alexa Kappa-opioid agonists directly inhibit midbrain dopaminergic neurons.
Psychiatry

Psychiatry

Journal of Addiction Research & Therapy

Author(s): Margolis EB, Hjelmstad GO, Bonci A, Fields HL

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Abstract Dopaminergic neurons of the ventral tegmental area (VTA) play a critical role in motivation and reinforcement of goal-directed behaviors. Furthermore, excitation of these neurons has been implicated in the addictive process initiated by drugs such as morphine that act at the micro-opioid receptor (MOR). In contrast, kappa-opioid receptor (KOR) activation in the VTA produces behavioral actions opposite to those elicited by MOR activation. The mechanism underlying this functional opposition, however, is poorly understood. VTA neurons have been categorized previously as principal, secondary, or tertiary on the basis of electrophysiological and pharmacological characteristics. In the present study using whole-cell patch-clamp recordings, we demonstrate that a selective KOR agonist (U69593, 1 microm) directly inhibits a subset of principal and tertiary but not secondary neurons in the VTA. This KOR-mediated inhibition occurs via the activation of a G-protein-coupled inwardly rectifying potassium channel and is blocked by the selective KOR antagonist nor-Binaltorphimine (100 nm). Significantly, regardless of cell class, KOR-mediated inhibition was found only in tyrosine hydroxylase-immunoreactive and thus dopaminergic neurons. In addition, we found a subset of principal neurons that exhibited both disinhibition by a selective MOR agonist ([d-Ala2, N-Me-Phe4, Gly-ol5]-enkephalin) (3 microm) and direct inhibition by KOR agonists. These results provide a cellular mechanism for the opposing behavioral effects of KOR and MOR agonists and shed light on how KORs might regulate the motivational effects of both natural rewards and addictive drugs.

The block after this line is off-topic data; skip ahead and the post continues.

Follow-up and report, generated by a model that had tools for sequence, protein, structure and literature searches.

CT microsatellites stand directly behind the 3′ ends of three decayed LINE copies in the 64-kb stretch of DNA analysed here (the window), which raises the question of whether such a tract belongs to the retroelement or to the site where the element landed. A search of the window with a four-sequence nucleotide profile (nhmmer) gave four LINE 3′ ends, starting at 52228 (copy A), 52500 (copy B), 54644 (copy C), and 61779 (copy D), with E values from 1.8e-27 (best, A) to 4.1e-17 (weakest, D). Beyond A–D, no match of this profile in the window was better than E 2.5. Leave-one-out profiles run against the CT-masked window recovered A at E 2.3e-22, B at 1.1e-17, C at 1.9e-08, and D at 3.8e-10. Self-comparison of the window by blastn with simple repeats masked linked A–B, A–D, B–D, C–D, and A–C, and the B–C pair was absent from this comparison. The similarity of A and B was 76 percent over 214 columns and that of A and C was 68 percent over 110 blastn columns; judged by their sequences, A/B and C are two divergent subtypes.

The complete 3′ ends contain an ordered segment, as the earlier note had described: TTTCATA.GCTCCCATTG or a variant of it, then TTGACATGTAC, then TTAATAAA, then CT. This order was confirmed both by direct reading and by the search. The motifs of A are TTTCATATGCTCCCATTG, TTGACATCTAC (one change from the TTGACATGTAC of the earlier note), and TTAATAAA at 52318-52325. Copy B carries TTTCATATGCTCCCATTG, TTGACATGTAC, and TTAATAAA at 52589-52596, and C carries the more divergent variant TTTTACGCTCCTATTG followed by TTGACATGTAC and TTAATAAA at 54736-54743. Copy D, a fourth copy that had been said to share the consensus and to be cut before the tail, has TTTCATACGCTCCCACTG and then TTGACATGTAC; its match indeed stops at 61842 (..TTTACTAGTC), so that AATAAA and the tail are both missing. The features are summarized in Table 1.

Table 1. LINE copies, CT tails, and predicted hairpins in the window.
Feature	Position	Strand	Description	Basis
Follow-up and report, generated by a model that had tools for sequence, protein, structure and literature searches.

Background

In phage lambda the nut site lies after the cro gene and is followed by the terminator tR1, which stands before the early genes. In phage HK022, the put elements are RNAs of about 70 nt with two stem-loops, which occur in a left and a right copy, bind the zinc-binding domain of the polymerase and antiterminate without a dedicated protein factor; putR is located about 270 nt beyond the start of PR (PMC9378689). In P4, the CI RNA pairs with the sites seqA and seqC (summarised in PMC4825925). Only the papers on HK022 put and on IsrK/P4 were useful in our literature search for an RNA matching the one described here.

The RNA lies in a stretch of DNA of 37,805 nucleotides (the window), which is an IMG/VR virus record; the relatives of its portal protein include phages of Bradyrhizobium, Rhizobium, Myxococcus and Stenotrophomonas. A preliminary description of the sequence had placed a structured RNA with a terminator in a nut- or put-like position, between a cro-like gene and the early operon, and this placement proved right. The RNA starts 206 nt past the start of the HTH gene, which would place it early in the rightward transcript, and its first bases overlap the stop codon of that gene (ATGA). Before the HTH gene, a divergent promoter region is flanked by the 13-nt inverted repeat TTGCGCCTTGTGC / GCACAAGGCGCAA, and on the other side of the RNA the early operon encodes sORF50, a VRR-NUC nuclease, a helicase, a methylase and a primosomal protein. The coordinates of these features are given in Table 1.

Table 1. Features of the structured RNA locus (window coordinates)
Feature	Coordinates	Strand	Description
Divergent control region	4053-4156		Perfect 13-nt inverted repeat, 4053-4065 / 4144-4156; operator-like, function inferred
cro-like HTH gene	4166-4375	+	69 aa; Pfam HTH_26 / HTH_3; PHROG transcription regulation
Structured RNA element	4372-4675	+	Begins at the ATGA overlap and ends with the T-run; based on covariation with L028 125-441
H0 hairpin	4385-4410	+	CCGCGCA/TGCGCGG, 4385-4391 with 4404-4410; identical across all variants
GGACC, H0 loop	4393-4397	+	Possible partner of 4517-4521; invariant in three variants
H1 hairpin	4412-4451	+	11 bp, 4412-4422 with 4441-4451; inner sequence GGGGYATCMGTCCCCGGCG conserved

This article was published in J Neurosci and referenced in Journal of Addiction Research & Therapy

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